Deep breathing exercises that focus on your diaphragm do more than help you de-stress. They strengthen your core and improve body function.
by Featured Provider Kelly Brown Gross on Tuesday, March 26, 2019
"Take a deep breath."
How many times have you heard that phrase? Especially in stressful situations or when there is pain, fear or anxiety?
The reason people say it is because it works! When you take a deep breath, more specifically, breathe with your diaphragm, it sets off a ton of useful things in your body and brain.
Deep breathing helps you deal with modern-day stress.
The diaphragm is linked to your autonomic nervous system (ANS). Your ANS is composed of two different parts: the sympathetic nervous system and the parasympathetic nervous system. The sympathetic system is the driver of the "fight or flight" system, which is your primal response to stress. The parasympathetic system is more of a calming system — where you should be most of the time.
Now, centuries ago, stress was a little different. It was life or death, like coming across a bear in the woods when you were out hunting. These days, you might still come across a bear in the woods if you are out hiking. But more commonly, your stressors come from deadlines, running late for a meeting, traffic and financial, health or relationship issues.
Your body's response is about the same, however. In response to stress, your body produces adrenaline, your heart rate and respiratory rate increase and blood flow is diverted from your gut to your muscles. In the case of that bear, you are prepared to fight it or run away.
Other stressors can be more persistent and chronic, and this is where your body can have some difficulty. When you're constantly in a state of "fight or flight," your body and brain are on high alert and not in a good place. When you take a deep breath and breathe with your diaphragm, you can calm down that "fight or flight" system and bring balance and calm back to your body and brain.
Diaphragmatic breathing is good for your core muscles.
Not only does diaphragmatic breathing help calm your body and help you deal with stress better, but it also helps strengthen a muscle essential to inner core function, stability and pressure management. The diaphragm is a dome-shaped muscle that sits inside your lower ribcage. Together with the deep abdominal muscle and the pelvic floor muscles, it works to add stability and support to your spine, abdomen and pelvis. For people who experience low back pain, research has shown that the diaphragm doesn't move as much and is in an elevated position compared to people without back pain.
The coordination of the inner core, including the diaphragm, abdominal muscle and pelvic floor muscles, is also essential for bowel and bladder control and pressure management. Many people who experience urinary incontinence could benefit from posture retraining to improve the position and function of the diaphragm as well as the coordination with the deep inner core to improve bladder control.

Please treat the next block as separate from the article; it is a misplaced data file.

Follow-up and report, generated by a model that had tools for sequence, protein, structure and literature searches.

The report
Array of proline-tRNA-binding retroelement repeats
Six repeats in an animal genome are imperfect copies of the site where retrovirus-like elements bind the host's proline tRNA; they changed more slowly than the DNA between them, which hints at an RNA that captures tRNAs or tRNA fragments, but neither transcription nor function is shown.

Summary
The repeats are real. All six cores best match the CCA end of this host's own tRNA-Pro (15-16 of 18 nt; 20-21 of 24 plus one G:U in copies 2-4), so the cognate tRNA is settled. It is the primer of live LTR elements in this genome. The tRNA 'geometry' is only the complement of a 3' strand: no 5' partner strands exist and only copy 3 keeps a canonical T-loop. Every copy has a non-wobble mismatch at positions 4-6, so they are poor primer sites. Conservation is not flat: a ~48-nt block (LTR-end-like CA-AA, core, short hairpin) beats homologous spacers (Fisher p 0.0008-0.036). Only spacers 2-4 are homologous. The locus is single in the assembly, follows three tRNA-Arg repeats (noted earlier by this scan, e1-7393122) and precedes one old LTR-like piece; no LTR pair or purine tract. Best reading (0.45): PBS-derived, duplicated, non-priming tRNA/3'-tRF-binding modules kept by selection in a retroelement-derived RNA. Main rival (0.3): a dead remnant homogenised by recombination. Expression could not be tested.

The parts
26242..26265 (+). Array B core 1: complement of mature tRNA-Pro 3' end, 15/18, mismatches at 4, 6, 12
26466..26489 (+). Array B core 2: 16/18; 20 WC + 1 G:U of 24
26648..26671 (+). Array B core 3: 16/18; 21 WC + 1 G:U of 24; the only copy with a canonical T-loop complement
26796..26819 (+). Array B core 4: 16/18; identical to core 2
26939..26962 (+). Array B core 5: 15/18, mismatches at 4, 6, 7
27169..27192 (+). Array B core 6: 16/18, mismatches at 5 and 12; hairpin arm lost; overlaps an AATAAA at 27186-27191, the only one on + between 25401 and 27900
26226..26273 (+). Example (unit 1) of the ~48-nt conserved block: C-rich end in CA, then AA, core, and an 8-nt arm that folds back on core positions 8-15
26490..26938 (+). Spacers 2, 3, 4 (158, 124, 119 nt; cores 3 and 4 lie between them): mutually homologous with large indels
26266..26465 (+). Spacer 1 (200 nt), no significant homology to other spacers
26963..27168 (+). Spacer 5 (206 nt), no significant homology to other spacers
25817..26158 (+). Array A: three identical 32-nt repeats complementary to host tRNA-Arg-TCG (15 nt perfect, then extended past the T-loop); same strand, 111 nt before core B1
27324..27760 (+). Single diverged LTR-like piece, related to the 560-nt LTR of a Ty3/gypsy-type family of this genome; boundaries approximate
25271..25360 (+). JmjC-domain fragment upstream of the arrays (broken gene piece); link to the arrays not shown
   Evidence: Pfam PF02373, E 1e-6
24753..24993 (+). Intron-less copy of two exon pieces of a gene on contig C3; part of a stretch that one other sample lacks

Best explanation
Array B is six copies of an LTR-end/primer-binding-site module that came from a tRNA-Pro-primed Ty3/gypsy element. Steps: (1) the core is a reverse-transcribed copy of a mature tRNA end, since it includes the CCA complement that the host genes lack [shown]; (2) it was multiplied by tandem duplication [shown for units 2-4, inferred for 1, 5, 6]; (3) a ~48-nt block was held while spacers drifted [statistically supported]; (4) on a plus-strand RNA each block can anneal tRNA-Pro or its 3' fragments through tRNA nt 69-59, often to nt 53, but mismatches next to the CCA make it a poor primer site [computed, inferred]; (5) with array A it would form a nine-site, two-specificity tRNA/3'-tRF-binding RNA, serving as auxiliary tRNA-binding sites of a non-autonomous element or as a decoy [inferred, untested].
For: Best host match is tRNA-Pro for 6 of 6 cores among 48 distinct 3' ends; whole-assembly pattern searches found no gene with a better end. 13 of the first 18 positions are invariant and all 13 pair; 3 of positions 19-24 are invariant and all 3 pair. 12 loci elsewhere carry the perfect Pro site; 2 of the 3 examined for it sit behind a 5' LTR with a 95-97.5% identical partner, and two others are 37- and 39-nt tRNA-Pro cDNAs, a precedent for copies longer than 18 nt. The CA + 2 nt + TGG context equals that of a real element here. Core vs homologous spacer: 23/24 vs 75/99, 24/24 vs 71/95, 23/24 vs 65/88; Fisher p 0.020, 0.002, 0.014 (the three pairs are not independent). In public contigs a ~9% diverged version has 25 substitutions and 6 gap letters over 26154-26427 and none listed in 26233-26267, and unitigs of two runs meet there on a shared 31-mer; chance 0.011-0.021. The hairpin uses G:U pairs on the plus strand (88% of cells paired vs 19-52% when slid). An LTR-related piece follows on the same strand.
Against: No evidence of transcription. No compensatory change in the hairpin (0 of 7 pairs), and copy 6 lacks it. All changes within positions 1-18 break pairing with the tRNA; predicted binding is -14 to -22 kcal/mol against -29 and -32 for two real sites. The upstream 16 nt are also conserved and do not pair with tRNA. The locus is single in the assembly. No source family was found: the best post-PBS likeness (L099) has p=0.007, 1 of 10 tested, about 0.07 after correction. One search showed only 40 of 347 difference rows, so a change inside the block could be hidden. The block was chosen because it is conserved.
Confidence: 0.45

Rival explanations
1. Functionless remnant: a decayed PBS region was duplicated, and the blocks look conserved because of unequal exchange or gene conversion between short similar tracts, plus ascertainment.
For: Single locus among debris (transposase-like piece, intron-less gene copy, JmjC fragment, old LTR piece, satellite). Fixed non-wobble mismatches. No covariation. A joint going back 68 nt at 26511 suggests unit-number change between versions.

Practice this diaphragmatic breathing exercise to heal your body and brain.
So how do you breathe with your diaphragm? It's pretty easy, actually. After all, it's breathing! All it takes is a little time and focus. Find a place where you can focus and follow these steps to exercise your diaphragm and reduce your stress.
- Start by either sitting quietly, laying down on your back or on your side. If you are sitting, make sure you are sitting with pretty good posture and that your ribcage stacks nicely over your pelvis.
- Take a breath in. Really focus on your lower ribcage expanding — picture an umbrella opening inside your ribcage. This should gently expand your lower ribcage and abdomen You should feel a little deeper breath than normal.
- As you blow air out, the opposite should happen, your abdomen and ribcage should gently draw in.
- If you want to take it a step further and include your pelvic floor muscles (think Kegels or the muscles you would use to stop your urine stream, gas or a bowel movement), then as you inhale, let go of those muscles or let them gently expand as well. As you blow the air out, gently draw those muscle up and in, aka a Kegel.
Basically, as you breathe in, everything expands from your ribcage to your pelvis. As you breathe out, everything draws in gently. This is diaphragmatic breathing and the coordination of the inner core. Practice it for several minutes, several times a day to calm your nervous systems to help manage your daily stress and improve your inner core for strength and stability. Specifically, slowing down your breathing to six to 10 breaths per minute has been shown to improve your ability to manage physical and mental stress and balance your ANS.
Practicing diaphragmatic breathing also helps when it comes time to exercise, lift something heavy or control your bowel and bladder. The trick with lifting or exercising is to exhale through the exertion to activate your deep inner core muscles. In the case of bowel or bladder control, coordinating all those muscles is a little more difficult. A pelvic floor physical therapist can do an evaluation to make sure you are activating the correct muscles and achieving the desired coordination. When you can coordinate your inner core, you will be able to decrease the intra-abdominal pressure and activate the support muscles from the bottom up to stop the leaks.
So, take a deep breath and good things will happen!